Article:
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Dance Town: Review by Ed Buxton

On the 20th September 2012 I attended the free screening of Jeon Kyu-hwan’s Dance Town at the Korean Culture Centre in London. I’ve been wanted to watch this film for a very long time so was eager to watch it and my time had come on this evening to be able to see it. This article is a quick, basic review of the film and my thoughts, good and bad although picking out the bad bits is always the easiest part. This article does contain some spoilers, although for me it was obvious that they were going to happen in the film.

The premise of the film is actually very good, the idea of a North Korean fleeing to the South as a defector, a refugee. This is what made me interested in this film most. The film starts off in North Korea in Pyongyang, not that it felt like it was Pyongyang, seemed too artificial and it was for the main fact that the director couldn’t film in the North. A brick wall looked too perfect in one scene with perfectly laid bricks and neat and tidy mortar between the gaps and can’t imagine a wall like that in N.Korea exists. Anyway, the film is centred on a North Korean woman, called Jung-Nim Rhee and her husband. Her husband only played a very small role in the film, and only at the very beginning, so knowing his name is not important or memorable. And this is where I felt that the film didn’t explore the life in N.Korea enough. If only the film explored more of their lives in Pyongyang and the daily issues they face then maybe the first half would have been more believable as North Korea and Pyongyang, instead she didn’t feel very North Korean, and Pyongyang, well could have been Seoul. Also because the film didn’t explore N. Korea much before we knew it she had fled her house, her husband was arrested by the North Korean police/army, whoever, we don’t know and then all of a sudden she was on a boat and in S.Korea. We all know that type of trip is very risky and dangerous but it didn’t feel that at all, seemed rather easy.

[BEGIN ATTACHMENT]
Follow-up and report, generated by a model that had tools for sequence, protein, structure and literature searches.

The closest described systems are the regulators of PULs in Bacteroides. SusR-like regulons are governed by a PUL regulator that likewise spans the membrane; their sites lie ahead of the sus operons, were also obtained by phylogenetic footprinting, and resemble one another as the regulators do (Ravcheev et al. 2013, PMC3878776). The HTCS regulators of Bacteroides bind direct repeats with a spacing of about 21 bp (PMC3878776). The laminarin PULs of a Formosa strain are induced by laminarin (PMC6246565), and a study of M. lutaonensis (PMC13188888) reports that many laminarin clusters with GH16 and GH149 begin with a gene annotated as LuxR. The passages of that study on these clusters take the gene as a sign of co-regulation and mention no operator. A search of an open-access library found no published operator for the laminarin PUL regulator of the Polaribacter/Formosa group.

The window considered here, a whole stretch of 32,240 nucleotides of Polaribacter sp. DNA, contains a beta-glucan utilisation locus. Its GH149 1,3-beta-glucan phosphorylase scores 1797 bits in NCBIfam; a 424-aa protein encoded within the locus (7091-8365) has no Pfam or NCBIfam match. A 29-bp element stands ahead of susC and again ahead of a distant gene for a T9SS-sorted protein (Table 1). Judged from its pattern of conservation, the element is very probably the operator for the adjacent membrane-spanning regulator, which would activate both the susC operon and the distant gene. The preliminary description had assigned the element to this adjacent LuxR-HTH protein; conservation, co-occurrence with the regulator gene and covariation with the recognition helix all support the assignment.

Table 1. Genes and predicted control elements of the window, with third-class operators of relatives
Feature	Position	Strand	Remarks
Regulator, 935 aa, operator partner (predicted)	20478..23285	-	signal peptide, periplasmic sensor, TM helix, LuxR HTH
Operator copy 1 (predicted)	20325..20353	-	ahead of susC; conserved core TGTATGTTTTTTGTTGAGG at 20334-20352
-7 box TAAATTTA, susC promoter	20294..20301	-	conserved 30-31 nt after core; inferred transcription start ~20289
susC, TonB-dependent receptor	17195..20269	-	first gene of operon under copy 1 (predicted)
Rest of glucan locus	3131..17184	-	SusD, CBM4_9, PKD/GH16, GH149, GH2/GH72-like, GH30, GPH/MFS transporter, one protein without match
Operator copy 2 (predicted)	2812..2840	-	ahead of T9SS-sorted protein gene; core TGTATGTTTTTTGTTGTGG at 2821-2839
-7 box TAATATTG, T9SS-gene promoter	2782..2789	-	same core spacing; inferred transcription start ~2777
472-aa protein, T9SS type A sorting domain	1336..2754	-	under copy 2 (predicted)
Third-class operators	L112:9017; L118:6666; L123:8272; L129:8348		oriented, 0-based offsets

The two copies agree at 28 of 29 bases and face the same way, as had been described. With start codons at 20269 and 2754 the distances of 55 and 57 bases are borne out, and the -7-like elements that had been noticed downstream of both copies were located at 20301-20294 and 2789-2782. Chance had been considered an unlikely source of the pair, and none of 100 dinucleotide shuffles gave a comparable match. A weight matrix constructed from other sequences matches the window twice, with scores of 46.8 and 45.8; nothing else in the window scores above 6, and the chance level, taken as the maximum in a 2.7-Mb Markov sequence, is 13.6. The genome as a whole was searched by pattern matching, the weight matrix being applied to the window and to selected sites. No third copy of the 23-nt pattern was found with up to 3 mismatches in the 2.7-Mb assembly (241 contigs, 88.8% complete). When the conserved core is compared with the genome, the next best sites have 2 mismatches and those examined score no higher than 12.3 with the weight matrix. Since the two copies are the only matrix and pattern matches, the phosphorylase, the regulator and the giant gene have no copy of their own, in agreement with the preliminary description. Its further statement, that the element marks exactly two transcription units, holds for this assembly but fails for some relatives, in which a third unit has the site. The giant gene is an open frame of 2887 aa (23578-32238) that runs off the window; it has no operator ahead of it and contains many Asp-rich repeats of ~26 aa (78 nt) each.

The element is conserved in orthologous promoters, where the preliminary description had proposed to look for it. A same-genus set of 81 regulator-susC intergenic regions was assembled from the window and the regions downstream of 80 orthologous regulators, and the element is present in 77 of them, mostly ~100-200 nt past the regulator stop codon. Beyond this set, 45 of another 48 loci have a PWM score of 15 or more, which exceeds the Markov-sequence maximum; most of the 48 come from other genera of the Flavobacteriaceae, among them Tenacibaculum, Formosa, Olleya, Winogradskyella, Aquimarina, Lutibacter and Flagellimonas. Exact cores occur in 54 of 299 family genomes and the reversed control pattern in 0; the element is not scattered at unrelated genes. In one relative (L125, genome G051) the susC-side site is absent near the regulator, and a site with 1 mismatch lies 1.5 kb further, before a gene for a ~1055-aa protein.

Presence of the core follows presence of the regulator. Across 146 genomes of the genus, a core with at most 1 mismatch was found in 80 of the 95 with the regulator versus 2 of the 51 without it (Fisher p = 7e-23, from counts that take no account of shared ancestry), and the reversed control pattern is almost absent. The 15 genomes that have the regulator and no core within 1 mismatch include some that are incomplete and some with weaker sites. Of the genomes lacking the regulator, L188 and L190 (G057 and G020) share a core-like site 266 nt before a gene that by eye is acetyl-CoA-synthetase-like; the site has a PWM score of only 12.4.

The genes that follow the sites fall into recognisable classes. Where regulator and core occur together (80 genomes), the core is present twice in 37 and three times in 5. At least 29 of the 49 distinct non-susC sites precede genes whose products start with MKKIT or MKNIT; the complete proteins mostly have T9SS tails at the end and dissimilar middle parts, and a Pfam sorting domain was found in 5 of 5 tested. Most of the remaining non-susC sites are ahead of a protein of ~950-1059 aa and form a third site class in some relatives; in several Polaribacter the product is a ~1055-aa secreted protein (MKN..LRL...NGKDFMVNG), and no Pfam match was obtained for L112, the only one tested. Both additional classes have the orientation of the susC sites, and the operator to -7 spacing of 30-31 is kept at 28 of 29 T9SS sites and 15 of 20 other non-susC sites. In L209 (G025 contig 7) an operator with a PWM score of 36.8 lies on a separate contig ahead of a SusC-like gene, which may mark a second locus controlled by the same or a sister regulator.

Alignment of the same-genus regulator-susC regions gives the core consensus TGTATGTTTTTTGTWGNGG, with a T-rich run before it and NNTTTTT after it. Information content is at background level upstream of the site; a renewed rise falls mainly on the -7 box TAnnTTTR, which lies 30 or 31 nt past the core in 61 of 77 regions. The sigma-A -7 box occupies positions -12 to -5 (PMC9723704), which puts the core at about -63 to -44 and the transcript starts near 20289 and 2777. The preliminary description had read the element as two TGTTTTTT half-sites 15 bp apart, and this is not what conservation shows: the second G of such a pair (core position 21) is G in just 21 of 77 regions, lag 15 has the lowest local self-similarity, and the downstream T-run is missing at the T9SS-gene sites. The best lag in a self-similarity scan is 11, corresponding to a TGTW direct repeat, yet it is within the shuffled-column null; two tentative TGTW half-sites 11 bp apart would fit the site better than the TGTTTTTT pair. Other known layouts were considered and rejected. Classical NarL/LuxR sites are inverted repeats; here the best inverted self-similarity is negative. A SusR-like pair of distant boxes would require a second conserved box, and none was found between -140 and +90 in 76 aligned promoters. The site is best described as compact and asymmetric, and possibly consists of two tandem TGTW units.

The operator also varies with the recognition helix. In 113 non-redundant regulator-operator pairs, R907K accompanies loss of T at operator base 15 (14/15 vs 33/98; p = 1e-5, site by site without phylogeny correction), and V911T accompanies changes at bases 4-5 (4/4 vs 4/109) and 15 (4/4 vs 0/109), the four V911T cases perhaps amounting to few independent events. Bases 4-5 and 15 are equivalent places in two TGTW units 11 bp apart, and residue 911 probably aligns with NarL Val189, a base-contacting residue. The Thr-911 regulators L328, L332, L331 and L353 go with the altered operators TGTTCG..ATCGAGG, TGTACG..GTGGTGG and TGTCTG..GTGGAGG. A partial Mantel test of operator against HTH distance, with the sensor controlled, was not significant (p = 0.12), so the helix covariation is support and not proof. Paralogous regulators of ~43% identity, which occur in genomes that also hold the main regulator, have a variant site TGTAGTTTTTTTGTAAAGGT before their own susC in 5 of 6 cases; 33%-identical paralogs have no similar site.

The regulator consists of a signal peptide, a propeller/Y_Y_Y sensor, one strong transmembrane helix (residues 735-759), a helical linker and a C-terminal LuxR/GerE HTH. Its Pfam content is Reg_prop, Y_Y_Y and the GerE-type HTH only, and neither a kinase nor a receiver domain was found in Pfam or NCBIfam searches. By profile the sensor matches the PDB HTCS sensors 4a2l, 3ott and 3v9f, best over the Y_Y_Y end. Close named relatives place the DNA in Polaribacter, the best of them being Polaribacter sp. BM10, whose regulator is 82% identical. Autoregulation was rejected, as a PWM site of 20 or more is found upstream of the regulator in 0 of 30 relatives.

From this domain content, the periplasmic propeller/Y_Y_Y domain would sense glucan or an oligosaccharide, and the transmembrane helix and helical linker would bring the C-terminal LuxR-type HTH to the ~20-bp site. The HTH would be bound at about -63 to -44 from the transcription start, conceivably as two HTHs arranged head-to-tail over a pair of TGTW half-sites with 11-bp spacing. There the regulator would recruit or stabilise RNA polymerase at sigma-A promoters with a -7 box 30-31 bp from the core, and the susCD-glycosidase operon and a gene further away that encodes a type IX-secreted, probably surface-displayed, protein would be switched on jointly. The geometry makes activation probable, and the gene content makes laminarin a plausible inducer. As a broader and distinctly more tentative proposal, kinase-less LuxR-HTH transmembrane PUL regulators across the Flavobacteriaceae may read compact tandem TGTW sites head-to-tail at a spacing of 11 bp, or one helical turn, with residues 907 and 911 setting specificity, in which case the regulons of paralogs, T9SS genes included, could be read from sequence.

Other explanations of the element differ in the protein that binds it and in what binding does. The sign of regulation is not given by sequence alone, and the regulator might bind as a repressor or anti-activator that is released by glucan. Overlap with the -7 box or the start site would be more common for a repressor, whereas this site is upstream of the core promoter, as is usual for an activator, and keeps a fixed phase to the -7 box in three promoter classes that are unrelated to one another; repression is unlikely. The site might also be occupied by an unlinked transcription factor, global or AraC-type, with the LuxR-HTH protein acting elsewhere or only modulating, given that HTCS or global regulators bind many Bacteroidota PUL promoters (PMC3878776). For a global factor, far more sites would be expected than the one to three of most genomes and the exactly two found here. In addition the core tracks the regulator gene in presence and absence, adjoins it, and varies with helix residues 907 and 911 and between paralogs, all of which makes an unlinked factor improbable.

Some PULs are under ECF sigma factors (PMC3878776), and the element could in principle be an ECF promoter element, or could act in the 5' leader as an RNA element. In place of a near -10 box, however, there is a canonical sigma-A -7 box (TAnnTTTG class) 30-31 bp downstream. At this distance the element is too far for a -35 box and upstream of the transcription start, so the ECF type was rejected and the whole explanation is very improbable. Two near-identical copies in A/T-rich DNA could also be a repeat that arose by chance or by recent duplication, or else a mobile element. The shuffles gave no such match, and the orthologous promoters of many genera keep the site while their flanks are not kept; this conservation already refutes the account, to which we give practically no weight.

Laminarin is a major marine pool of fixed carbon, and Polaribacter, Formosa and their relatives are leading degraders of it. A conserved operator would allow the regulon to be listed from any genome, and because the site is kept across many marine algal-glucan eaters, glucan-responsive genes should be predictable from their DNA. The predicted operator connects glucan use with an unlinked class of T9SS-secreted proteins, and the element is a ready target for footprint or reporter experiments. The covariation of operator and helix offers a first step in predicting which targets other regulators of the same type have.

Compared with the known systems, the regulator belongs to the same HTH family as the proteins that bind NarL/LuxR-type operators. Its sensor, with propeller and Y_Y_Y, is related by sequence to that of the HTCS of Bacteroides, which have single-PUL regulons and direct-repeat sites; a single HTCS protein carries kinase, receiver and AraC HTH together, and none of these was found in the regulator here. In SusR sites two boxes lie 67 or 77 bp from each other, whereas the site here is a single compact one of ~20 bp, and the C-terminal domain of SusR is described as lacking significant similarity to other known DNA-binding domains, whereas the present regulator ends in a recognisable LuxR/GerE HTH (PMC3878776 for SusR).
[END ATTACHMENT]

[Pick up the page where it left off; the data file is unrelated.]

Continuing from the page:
Some good points on the film included the acting, the main characters did a very good job and also the locations in Seoul were very well sought out. The one part that I really liked was when Jung-Nim walked out around her local area for the first time on her own and was amazed at the shops and that people did whatever they wanted. I also liked the fact that the film was shot in winter, so it was cold and snow was everywhere and it fitted the type of film that it is, cold and miserable.
Some other bad points in the film was the ending. The main character Jung-Nim wants her husband to join her in Seoul, but he was arrested in the North. But towards the end of the film she learns that he was executed as a warning to others that fleeing or watching South Korean porn DVD’s was not allowed and you risk death if you do so. She bursts into tears, as one would do, but the film tries to make us feel upset and shocked aswell, but really I knew he was going to be shot right at the very start when he gets arrested and she herself warned her husband that other people in their Pyongyang block of flats got a bullet through the head for doing ‘naughty’ things, such as watching South Korean porn and using illegally smuggled in shampoo and face cream. So if we knew that he was already dead, because it was so obvious, why did the director make it all sad and depressing for no reason? But a good interesting point I like is the fact I think she knew he was already dead but actually hid her true thoughts, to make her a stronger person. And because of everything else that happened to her in the film, won’t go into details, it all becomes too much for her so the news of her husband’s death confirms her place in society as void, so ultimately commits suicide, although the film doesn’t show this, I believe this is what happens.